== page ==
Alexandria is one of the oldest cities in the U.S., located on the west side of the Potomac River just south of Washington, DC. The Jefferson Davis Highway (Route 1) and the George Washington Memorial Parkway are main north-south transportation corridors on the east side of the city. The area between these two arterials—some 300 acres of land called the Potomac Yard and Potomac Greens—presented enormous development opportunities in a built out city where demolition of historic structures is tightly regulated.
Residents of Alexandria were concerned that new development at the Potomac Yard and Potomac Greens would reduce the amount of open space in the northeast and obstruct the view of the riverfront marina. The developer contended that low-density projects would not generate adequate return on investments to offset high infrastructure and construction costs to develop the site.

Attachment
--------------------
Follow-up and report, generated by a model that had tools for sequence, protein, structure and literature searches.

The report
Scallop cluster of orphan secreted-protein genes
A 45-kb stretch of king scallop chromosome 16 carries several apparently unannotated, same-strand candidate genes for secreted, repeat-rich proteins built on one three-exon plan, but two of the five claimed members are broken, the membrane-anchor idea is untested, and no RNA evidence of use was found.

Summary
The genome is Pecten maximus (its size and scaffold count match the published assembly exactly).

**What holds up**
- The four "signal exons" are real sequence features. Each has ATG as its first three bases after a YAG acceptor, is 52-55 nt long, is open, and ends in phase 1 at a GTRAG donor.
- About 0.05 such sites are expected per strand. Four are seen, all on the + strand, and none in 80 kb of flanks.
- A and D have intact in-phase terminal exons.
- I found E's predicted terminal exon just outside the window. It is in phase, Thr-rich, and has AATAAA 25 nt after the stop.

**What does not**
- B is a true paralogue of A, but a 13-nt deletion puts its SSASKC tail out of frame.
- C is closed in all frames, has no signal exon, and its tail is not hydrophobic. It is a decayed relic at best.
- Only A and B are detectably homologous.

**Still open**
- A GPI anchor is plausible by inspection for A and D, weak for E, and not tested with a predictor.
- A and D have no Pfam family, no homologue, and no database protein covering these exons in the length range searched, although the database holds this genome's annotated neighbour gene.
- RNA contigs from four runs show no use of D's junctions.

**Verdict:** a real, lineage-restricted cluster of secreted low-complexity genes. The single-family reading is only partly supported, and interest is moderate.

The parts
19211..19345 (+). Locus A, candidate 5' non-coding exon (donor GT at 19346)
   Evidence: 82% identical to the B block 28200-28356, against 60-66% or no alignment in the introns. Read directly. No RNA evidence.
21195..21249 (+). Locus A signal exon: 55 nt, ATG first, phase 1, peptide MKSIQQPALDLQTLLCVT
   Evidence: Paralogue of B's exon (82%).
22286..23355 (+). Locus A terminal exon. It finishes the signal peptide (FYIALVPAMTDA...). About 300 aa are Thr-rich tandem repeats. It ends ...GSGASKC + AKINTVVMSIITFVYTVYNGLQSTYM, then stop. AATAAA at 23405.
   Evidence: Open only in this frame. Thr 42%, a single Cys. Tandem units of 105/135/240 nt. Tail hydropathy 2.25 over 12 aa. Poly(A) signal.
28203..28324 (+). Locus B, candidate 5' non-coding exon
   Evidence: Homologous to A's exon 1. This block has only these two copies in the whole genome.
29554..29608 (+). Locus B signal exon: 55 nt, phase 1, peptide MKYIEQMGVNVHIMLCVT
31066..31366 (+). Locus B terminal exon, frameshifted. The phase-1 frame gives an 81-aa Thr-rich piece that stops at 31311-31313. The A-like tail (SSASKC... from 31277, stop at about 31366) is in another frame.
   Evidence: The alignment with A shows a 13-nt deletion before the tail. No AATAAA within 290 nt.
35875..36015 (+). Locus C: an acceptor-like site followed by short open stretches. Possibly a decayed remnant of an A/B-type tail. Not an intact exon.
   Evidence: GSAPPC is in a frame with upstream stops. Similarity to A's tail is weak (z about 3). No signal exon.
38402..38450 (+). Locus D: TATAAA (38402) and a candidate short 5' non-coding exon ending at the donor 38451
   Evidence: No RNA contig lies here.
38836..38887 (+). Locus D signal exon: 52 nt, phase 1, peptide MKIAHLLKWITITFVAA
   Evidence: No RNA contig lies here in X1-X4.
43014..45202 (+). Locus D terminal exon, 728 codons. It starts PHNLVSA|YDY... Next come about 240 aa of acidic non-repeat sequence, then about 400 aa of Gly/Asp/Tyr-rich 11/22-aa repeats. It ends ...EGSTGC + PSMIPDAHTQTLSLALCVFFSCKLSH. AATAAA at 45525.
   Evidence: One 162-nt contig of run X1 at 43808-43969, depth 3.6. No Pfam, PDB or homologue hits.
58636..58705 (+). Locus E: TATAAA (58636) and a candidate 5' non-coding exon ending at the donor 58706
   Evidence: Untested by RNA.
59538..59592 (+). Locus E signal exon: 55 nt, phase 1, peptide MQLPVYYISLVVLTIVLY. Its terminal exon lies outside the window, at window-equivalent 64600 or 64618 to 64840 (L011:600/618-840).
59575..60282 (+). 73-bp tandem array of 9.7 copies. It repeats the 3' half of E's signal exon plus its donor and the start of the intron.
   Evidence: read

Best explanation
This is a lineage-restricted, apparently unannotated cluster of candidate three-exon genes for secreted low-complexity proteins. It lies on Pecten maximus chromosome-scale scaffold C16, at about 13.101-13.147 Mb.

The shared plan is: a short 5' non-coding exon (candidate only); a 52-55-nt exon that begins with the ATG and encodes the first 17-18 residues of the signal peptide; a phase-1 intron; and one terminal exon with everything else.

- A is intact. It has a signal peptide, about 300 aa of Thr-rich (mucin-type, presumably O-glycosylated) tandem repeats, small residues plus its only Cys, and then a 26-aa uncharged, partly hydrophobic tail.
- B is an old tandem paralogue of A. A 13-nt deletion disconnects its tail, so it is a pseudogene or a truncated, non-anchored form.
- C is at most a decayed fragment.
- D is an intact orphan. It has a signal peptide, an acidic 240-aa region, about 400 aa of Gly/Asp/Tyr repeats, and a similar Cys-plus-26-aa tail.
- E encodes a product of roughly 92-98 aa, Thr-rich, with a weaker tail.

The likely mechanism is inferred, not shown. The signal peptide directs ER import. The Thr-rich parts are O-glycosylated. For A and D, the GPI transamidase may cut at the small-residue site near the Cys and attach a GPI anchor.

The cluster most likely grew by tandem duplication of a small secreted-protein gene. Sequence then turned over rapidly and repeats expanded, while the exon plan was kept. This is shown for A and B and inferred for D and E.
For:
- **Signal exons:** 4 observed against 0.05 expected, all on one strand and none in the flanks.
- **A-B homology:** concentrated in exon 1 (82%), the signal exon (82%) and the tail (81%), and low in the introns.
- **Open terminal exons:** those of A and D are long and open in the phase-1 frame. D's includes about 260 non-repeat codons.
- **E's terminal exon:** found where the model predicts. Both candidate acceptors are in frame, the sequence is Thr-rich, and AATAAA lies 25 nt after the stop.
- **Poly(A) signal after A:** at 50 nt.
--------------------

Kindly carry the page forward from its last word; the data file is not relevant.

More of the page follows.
Prompted by these issues, former Mayor Ticer presented the project at the Mayors’ Institute in 1993, seeking appropriate land use intensities and design guidelines that would mitigate the development impacts on the site. Mayor Ticer was specifically looking for strategies to regulate building mass and scale, set density and height limits, as well as creating a gateway to Old Town Alexandria located farther south of the site.
In 2008, Mayor Euille brought a case study to the Institute that focused on station-area planning around the Braddock Road Metro Station. Central to this small-area plan was the vision to improve transit connectivity and transform the site into a walkable, safe, and vibrant transit-oriented development neighborhood that would incorporate multiple housing options for mixed-income communities. Crediting MICD for guiding his vision, Mayor Euille said, “When you bring the Institute in and have their engagement and participation—eyes wide open—it’s a different perspective, it’s a different take. In some ways, it’s much more credible.”